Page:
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Rereading Ramona as an Audiobook: How Different Mediums Affect How We Visualize Characters

By Claire Taylor

I start my mornings with a cup of coffee and the sound of Stockard Channing’s voice.

To fit my writing time into busy days with a young child, I must rely on distractions. So when I got a credit for a free audiobook, I made the most of it and purchased The Ramona Quimby Audio Collection, seven Beverly Cleary titles for the price of none, totaling nineteen hours of reading, all performed by Stockard Channing. My four-year-old listens to these books on a perpetual loop, Beezus and Ramona flowing seamlessly into Ramona the Pest, the Brave, and onward into Forever while he builds block towers and races his toy cars across the kitchen floor. It is heaven apart from the fact that it has forever ruined Beverly Cleary’s books for me.

I grew up on Ramona. I always saw a part of myself in Beezus, the responsible, bossy older sister, both proud of and exasperated by my role. I had a very clear picture of Beezus in my head, and an even clearer one of Ramona: a combination of the most delightful parts of my younger sister and the most obnoxious traits of one of her childhood friends. Both images of the Quimby sisters have now been supplanted by a bizarre amalgamation of every role I’ve seen Stockard Channing play. Ramona is now an unsettling combination of the rebellious Rizzo from Grease coupled with the unabashed whimsy of one the old aunts in Practical Magic. And Beezus is basically a young Abbey Barlett from The West Wing.

It doesn’t stop there, though. Since my son enjoys Cleary’s storytelling, we decided to borrow The Mouse and the Motorcycle and the other books from that series from our local library. I read these books aloud to him at naptime and before bed, and I cannot stop myself from slipping into Channing’s distinct cadence and inflection that I have come to associate with Cleary’s writing. Ralph S. Mouse is just a rodent Stockard Channing in my mind.

The bookshelf above my son’s bed is lined with the colorful spines of the Harry Potter series, and I have to wonder: is there any way to read these books now without picturing Daniel Radcliffe as Harry? Someday when I introduce my son to these books, in addition to a more complex conversation about JK Rowling’s abhorrent transphobia and the problematic depictions within the texts themselves, there will be a simpler question of whether it is better to let him see the movies first so I can have a clearer sense of how he is picturing the more upsetting and terrifying moments of Harry’s plight in his mind. Which is scarier: the image of Ralph Fiennes’ serpentine face, or whatever picture of Voldemort my son is able to conjure from his own imagination?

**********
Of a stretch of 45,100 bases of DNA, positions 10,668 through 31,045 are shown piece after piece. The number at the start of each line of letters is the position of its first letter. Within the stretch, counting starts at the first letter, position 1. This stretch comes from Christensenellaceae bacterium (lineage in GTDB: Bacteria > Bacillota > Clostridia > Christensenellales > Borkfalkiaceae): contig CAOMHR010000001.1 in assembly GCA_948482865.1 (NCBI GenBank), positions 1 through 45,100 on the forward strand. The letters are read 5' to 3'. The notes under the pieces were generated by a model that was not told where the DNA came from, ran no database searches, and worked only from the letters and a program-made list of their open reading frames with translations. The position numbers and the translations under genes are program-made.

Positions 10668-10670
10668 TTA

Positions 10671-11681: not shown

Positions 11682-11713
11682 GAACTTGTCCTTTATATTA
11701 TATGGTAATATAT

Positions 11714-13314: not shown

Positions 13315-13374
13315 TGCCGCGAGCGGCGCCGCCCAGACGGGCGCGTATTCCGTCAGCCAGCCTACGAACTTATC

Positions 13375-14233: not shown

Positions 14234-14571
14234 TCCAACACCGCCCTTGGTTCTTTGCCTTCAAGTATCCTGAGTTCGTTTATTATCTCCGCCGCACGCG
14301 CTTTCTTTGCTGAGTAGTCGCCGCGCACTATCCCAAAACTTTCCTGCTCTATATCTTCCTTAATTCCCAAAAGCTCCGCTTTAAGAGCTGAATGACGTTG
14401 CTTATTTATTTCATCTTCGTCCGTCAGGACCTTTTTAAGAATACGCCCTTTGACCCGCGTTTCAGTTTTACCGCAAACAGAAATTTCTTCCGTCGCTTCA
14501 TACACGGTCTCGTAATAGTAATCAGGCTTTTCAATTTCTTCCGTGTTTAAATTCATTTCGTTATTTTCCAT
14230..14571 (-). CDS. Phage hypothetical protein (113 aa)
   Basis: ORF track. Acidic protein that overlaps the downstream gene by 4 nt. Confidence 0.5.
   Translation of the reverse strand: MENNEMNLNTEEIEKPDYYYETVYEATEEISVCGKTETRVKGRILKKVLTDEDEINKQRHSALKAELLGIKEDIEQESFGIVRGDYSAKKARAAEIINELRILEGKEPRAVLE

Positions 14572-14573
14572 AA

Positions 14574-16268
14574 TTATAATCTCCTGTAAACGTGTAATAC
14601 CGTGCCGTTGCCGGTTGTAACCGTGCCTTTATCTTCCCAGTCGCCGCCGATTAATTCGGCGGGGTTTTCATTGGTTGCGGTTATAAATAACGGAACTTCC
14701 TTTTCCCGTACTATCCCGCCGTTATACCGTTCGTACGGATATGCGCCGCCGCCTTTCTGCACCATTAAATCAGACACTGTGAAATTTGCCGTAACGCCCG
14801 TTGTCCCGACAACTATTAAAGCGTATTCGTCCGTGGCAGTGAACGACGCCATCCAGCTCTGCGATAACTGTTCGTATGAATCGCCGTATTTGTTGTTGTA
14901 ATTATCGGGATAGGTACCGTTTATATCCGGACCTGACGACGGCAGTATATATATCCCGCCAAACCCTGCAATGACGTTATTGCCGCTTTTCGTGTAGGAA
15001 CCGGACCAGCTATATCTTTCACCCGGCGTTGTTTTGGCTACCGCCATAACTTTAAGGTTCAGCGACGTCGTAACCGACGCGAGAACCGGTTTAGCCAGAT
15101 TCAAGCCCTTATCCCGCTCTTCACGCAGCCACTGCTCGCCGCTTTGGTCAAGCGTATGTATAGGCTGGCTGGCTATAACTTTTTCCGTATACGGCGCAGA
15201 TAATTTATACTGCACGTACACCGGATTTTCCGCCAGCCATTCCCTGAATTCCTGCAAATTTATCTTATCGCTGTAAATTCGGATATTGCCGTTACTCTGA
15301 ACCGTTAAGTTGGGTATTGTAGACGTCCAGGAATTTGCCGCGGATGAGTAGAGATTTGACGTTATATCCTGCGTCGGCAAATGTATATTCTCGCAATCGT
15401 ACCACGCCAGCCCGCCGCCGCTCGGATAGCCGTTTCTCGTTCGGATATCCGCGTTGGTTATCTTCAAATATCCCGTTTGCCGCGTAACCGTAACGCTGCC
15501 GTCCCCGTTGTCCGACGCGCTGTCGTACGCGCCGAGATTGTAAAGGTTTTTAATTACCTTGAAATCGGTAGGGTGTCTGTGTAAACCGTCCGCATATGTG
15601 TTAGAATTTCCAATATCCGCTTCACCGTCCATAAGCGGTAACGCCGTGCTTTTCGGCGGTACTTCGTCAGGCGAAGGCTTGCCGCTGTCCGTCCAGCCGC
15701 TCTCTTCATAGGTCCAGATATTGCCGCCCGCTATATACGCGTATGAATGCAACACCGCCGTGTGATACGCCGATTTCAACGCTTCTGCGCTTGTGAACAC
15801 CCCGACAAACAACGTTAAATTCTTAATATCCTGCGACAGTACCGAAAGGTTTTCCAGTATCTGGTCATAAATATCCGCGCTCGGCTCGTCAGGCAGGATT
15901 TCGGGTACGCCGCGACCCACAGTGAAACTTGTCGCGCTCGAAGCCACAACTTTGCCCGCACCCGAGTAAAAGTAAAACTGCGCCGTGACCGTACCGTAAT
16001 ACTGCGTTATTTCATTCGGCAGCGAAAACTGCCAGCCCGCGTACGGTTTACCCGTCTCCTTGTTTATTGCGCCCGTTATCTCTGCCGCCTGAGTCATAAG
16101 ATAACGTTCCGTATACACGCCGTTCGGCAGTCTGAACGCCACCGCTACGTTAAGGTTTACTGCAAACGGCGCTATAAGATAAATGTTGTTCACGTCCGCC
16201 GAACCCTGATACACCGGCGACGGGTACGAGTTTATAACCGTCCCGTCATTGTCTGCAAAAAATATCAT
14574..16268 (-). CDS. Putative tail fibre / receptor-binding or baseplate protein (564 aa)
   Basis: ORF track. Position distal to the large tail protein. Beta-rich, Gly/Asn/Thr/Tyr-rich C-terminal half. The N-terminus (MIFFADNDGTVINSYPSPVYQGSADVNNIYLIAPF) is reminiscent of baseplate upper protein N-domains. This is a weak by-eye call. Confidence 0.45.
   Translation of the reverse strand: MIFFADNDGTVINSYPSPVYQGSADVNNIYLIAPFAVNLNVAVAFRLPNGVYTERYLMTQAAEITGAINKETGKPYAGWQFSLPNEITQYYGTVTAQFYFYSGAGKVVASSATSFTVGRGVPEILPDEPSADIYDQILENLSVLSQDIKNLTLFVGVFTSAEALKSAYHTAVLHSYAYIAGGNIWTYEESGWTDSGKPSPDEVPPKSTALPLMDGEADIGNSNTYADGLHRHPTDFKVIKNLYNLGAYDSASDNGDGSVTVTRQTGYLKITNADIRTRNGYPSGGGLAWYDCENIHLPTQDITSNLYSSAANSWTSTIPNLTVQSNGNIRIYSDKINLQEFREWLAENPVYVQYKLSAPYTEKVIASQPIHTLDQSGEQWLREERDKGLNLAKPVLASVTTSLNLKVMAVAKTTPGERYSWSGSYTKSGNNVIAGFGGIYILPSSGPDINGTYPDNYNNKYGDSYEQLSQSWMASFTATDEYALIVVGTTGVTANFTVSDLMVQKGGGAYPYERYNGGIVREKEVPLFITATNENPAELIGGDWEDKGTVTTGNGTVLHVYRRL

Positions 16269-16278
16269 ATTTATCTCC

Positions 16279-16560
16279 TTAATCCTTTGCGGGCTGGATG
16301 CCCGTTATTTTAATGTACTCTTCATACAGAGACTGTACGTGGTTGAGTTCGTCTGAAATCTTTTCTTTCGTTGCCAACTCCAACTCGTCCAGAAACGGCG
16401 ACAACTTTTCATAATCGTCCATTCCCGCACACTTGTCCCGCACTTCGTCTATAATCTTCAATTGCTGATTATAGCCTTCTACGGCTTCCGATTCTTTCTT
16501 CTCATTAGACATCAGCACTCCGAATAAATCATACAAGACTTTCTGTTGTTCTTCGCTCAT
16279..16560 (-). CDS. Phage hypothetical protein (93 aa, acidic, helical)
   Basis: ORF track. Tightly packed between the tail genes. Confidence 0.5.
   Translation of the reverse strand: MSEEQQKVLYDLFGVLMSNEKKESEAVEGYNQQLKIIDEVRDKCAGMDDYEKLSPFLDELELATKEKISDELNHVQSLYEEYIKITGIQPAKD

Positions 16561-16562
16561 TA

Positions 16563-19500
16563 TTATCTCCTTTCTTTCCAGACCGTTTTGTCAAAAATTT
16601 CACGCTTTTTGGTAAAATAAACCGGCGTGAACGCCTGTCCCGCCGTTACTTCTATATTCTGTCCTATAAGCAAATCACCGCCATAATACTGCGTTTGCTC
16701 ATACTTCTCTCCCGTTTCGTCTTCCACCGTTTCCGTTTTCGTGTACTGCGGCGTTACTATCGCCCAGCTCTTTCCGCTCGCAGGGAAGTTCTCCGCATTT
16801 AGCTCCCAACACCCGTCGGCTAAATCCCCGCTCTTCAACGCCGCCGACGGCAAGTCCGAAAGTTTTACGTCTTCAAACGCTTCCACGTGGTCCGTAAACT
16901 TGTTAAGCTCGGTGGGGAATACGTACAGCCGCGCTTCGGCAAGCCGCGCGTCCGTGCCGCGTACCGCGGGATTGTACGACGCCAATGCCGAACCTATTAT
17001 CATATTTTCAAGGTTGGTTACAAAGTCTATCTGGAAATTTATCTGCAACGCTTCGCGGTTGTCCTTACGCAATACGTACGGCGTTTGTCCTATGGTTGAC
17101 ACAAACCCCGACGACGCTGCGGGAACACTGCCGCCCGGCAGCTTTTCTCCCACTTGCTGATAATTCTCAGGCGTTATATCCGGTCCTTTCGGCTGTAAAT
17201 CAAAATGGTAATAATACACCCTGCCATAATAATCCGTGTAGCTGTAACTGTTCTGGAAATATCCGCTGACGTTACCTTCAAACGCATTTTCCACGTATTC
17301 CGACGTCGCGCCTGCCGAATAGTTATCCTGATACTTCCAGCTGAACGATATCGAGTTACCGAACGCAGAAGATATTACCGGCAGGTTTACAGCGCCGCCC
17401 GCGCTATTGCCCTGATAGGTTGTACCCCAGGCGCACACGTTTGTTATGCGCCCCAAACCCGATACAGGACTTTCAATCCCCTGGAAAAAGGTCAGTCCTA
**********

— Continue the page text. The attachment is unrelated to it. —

There is plenty to be gained by translating a written work into other creative mediums. For one, it increases accessibility—audiobooks, for example, are a necessary and valuable alternative to print reading—and can bring awareness to work you might have missed in its initial form. I have found my way to a lot of great books by being introduced to them first through film or television. But I do feel a sad nostalgia for all those first readings that I have lost to the popularized images of the characters and settings. I wish I could remember how I pictured the pivotal scene in Ian McEwan’s Atonement the first time I read it (one of my favorite books), but all I can see now is Keira Knightley and that radiant green dress. Don’t get me wrong, I don’t mind that image at all, but I’m curious to know what picture McEwan’s writing initially created in my mind. And I miss the Ramona and Beezus I grew up with, characters I had built up in my imagination in a way that made them feel like close friends.

Linda Holmes, author of Evvie Drake Starts Over, once tweeted about how she intentionally kept the descriptions of her characters minimal and bit vague, mentioning only a few physical characteristics and focusing instead on clothing style and aspects of their personality because she prefers writing that allows her to project her own images onto characters, sometimes even imaging them as people she knows. I too prefer this style of writing over heavy descriptions that encourage me to picture the character exactly as the author sees them. I like to lose myself in a book, and for me that usually means letting the world of the story unfold and slowly reveal itself in my imagination. If I go in with a clear image already in mind, I can’t help but feel like my reading experience is less immersive.

But in another tweet I saw from Holmes, she suggested Merritt Wever as potential casting for Evvie in a hypothetical film adaptation of the novel, and now, rereading Evvie Drake Starts Over for the third time, it’s all I can picture. I have to admit, though, Wever would make an excellent Evvie and I would love to see this movie. Plus, a story set in a small town in Maine full of warm but matter-of-fact lifelong residents who are, as Evvie directly points out in the book, old and white sounds like a perfect opportunity to cast Stockard Channing.

Claire Taylor is a writer in Baltimore, Maryland, where she lives with her husband, son, a bossy old cat, and an anxious dog who longs to be the cat’s best friend. Claire’s writing has appeared in a variety of publications, and she was a finalist for the 2020 Lascaux Prize in Poetry and winner of the 2021 Serotonin New Year’s Day poetry competition. Her micro-chapbook, A History of Rats, is available from Ghost City Press. Claire is the founder and editor in chief of Little Thoughts Press, a print literary magazine of writing for and by kids. Claire joined Capsule Stories as a reader in March 2021. A selection of Claire’s work is available online at

claire taylor headshot
Claire Taylor

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